* United has better-than-expected results on revenue, costs
* American boosts margin view, to take charges
(Adds United results)
July 9 American Airlines Group,
Southwest Airlines and United Continental Holdings
on Wednesday cited growth in an important revenue
measure during the second quarter, signaling that demand for air
travel is solid during the summer.
Unit revenue, also known as passenger revenue per available
seat mile, is expected to grow between 5.5 percent and 6.5
percent in the second quarter at American, while Southwest
forecast a rise of more than 8 percent.
United said better-than-expected results in the United
States and Asia led its unit revenue to rise 3.5 percent in the
period, compared with an earlier forecast of 1 percent to 3
percent growth. Unit revenue is a gauge of how
full planes are and of pricing power.
Demand "is as strong as ever," said Bob McAdoo, an airline
analyst with investment bank Imperial Capital, who noted a
stronger-than-expected American outlook and said Southwest
revenue results were up "meaningfully."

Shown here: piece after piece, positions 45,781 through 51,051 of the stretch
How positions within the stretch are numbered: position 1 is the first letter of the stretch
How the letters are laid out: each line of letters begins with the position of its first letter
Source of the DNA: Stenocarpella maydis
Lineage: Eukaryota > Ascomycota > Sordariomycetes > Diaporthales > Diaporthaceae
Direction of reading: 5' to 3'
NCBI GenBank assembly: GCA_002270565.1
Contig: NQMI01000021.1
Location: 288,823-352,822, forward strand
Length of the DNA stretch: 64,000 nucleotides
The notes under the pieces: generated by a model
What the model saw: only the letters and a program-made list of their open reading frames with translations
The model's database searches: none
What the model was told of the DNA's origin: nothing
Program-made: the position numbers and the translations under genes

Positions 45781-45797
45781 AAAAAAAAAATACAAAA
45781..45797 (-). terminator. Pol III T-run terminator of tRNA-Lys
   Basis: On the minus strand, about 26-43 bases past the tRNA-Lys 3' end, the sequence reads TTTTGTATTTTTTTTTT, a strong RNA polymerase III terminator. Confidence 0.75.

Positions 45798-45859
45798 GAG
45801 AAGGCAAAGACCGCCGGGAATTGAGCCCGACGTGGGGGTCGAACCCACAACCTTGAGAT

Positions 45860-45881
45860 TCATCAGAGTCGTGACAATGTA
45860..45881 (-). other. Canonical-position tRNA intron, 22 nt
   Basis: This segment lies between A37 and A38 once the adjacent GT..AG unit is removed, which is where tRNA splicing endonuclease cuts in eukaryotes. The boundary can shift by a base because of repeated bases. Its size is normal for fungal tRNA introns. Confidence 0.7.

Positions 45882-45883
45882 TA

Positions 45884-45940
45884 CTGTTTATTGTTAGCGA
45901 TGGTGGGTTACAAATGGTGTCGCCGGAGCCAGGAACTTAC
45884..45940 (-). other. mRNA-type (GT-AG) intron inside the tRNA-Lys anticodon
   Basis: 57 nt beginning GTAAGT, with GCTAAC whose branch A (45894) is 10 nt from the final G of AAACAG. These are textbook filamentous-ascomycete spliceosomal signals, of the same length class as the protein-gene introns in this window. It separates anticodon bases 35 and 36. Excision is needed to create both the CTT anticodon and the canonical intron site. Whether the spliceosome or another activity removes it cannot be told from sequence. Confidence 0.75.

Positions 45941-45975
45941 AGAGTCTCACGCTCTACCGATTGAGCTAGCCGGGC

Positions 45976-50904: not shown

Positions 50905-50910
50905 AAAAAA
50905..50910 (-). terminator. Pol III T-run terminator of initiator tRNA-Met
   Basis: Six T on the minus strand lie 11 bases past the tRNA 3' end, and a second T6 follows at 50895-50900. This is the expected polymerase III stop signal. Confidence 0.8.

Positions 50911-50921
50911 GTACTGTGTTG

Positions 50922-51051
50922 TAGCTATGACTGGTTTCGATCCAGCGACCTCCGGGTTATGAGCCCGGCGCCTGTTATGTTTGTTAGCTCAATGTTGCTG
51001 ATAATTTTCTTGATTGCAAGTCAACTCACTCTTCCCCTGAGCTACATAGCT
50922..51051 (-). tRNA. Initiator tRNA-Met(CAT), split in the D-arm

Some airline analysts raised their profit estimates for the
second quarter, which typically includes some vacation travel.
American Airlines, formed in the late 2013 merger of AMR
Corp and US Airways Group, said it expects pretax margin of 12
percent to 13 percent for the second quarter, up from an earlier
view of 10 percent to 12 percent. UBS analyst Darryl Genovesi
said in a note to clients that Southwest's revenue momentum
could add 3 cents to his firm's profit estimate of 58 cents for
American also said it could take charges of up to $630
million in the period. It cited a charge of about $330 million
tied to the sale of its portfolio of fuel-hedge contracts and an
added $250 million to $300 million in charges related to its
merger and other items.
Recent profit warnings from European carriers such as Air
France-KLM and Lufthansa had raised concern
about demand trends, pummeling share prices.
Last week, Delta Air Lines said unit revenue for
June grew less than it had forecast, citing lower business
demand for travel to Latin America during the World Cup soccer
tournament and capacity increases that hurt ticket prices. Delta
said second quarter unit revenue likely rose 6 percent.
McAdoo said the European carriers faced issues that did not
affect U.S. airlines as much, such as heavier competition from
Robert Mann, an airline consultant in Port Washington, New
York, said the European airlines that are reporting weakness
"are underperforming and as a result, they probably should look
inwardly to solve the problem."
Shares of major U.S. airlines rose, with American Airlines
ending up 4.3 percent at $41.99, Southwest finishing up 1.9
percent at $27.21 and Delta increasing 1.4 percent to $36.96.
United, which issued its update after markets closed, rose 1.3
percent to $40.07.
(Reporting by Karen Jacobs in Atlanta; Editing by Bernadette
Baum and Jonathan Oatis)